Regardless of what it's called, the concept of bounties exists throughout sports. One person's "bounty" is another person's "incentive," which is another person's "toughness." In hockey, as in baseball and football, there are codes by which the game polices itself de facto. When a running back is carving up a team, coaches, players, writers and fans look for someone on the defense to "put a hat on that guy" with a hard, legal hit that might make him think twice and might even put him on the sideline.

The articulation and implementation of a formal policy to achieve that end is both directly and indirectly reinforced by the culture, even if that same culture abhors the thought of purposely injuring a player. The networks fighting for ratings, coaches fighting for their team and agents fighting for more money for their clients highlight big defensive hits and big defensive plays that turn around games, turn around seasons, never mind the secondary reality that a player is writhing in agony on the ground while everyone celebrates is only two clicks above barbaric. With the understanding that people watch football for big hits, ESPN glamorized them with a segment called "Jacked Up!" until concern about that reality intervened and the segment was dropped.

Before he sends a message to his sponsors (or to members of Congress readying themselves for the day a constituent wants football abolished because his son was paralyzed due to a "bounty hit") by dropping Williams down a deep hole as a symbolic sacrifice, Goodell should go down to Cherry Hill, N.J., and watch some of the NFL Films library. He could see footage of Fred "The Hammer" Williamson, who made a career of all but ripping opponents' heads off. In one particular clip, the tables are turned, and Williamson is the one on the ground, a twisted wreck. The opposite sideline, wired for sound, hoots and hollers in glee. "Oooh! Is that the Hammer? We got the Hammer!"

That is the game.

If Goodell's issue really is the violence, he wouldn't be the commissioner. He wouldn't advocate for an additional two regular-season games, up to 18 from 16.

But it isn't. His issue is the cosmetics of decorum. Coming off a season in which Ndamukong Suh stomped an opponent after the whistle on national television, Goodell knows his game is reaching the outer boundaries of accepted aggression. The real issue is not the unsportsmanlike nature of injuring players for money -- that already happens starting with the opening kickoff -- but injuring players for more money.

Yet, incentive is the natural order of this life, especially in the peer-pressured, testosterone-laden environment of a film session. Teams give out game balls for big plays and incentives for reaching milestones in yardage, touchdowns and interceptions –- just as third-graders receive stars for spelling all of their words right, parents tell their kids they can go to Disneyland if they get a good report card, and college players get stickers on their helmets for positive plays that help the team. Putting a lick on a back or a receiver who has been running wild certainly qualifies. It only stands to reason that teams encourage their defensive players to be tougher, more physical, to make the star quarterback think twice before he drops back in the pocket against them the next time.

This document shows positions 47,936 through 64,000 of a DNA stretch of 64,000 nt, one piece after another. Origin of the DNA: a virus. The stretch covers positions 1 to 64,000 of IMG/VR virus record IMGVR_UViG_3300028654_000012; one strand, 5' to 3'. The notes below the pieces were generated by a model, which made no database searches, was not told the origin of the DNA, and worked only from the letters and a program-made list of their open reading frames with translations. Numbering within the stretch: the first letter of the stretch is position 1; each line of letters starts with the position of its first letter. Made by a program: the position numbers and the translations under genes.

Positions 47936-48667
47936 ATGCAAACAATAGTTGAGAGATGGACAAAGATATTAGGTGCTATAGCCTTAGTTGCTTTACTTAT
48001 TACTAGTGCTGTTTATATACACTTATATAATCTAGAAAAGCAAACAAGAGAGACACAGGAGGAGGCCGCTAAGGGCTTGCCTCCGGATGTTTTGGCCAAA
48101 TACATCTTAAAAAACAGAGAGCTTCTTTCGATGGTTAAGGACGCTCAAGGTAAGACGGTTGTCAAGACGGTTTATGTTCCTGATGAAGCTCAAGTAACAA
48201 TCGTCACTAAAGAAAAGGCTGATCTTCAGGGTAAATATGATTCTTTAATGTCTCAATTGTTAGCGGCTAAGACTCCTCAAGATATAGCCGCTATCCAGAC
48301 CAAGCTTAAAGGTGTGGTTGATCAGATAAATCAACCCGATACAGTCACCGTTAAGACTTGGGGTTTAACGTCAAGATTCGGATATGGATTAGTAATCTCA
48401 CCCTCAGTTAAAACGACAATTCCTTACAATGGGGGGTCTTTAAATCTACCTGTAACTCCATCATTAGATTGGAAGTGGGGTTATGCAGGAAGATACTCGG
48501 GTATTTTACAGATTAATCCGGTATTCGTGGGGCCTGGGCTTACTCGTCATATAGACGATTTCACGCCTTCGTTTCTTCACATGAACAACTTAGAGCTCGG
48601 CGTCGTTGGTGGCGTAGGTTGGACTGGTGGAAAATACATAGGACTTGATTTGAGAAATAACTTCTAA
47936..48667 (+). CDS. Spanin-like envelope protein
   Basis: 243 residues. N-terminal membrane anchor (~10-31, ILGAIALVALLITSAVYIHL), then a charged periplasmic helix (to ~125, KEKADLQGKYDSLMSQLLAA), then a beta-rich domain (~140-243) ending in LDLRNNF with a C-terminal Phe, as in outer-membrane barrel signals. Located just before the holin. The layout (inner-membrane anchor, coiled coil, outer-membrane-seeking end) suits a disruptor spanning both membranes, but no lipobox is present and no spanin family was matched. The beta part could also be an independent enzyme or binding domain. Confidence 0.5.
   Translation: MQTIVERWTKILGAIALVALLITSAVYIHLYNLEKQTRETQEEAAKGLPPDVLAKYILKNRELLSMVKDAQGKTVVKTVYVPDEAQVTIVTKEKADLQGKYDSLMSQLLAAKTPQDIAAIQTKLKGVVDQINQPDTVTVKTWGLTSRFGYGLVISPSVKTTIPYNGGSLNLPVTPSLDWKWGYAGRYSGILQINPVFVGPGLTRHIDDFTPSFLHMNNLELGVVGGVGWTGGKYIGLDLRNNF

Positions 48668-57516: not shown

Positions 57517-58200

Imagine, for example, being in the Washington film room after the Patriots creamed the Redskins 52-7 in 2007. Imagine having to watch from left angle to right, from end zone camera to zoom to embarrassing freeze-frame, getting the absolute crap kicked out of you by everyone on New England's offense from Moss to Brady to Welker to Maroney to Stallworth.

Gregg Williams didn't cheat. His teams have not been routinely flagged for being the dirtiest in the NFL. His teams haven't paid the most fines in the league. Targeting players for money is tacky and classless, but it isn't fundamentally different than targeting them by instructing a defender to key on a dangerous opponent. What Williams will pay for over the coming weeks is providing a glimpse into a clubhouse matter that was intended to stay private. His biggest crime was putting into words, into policy, what happens on the field every day.

The real questions are about an NFL under assault for its lack of player safety, its games' potential for head trauma and now its cultural violence. Goodell and his office must determine whether it believes football can survive in its current form, a brutal game played by physical men -- or whether the bounty expose is another step toward the inevitable truth that today's football is on the wrong side of where society is heading.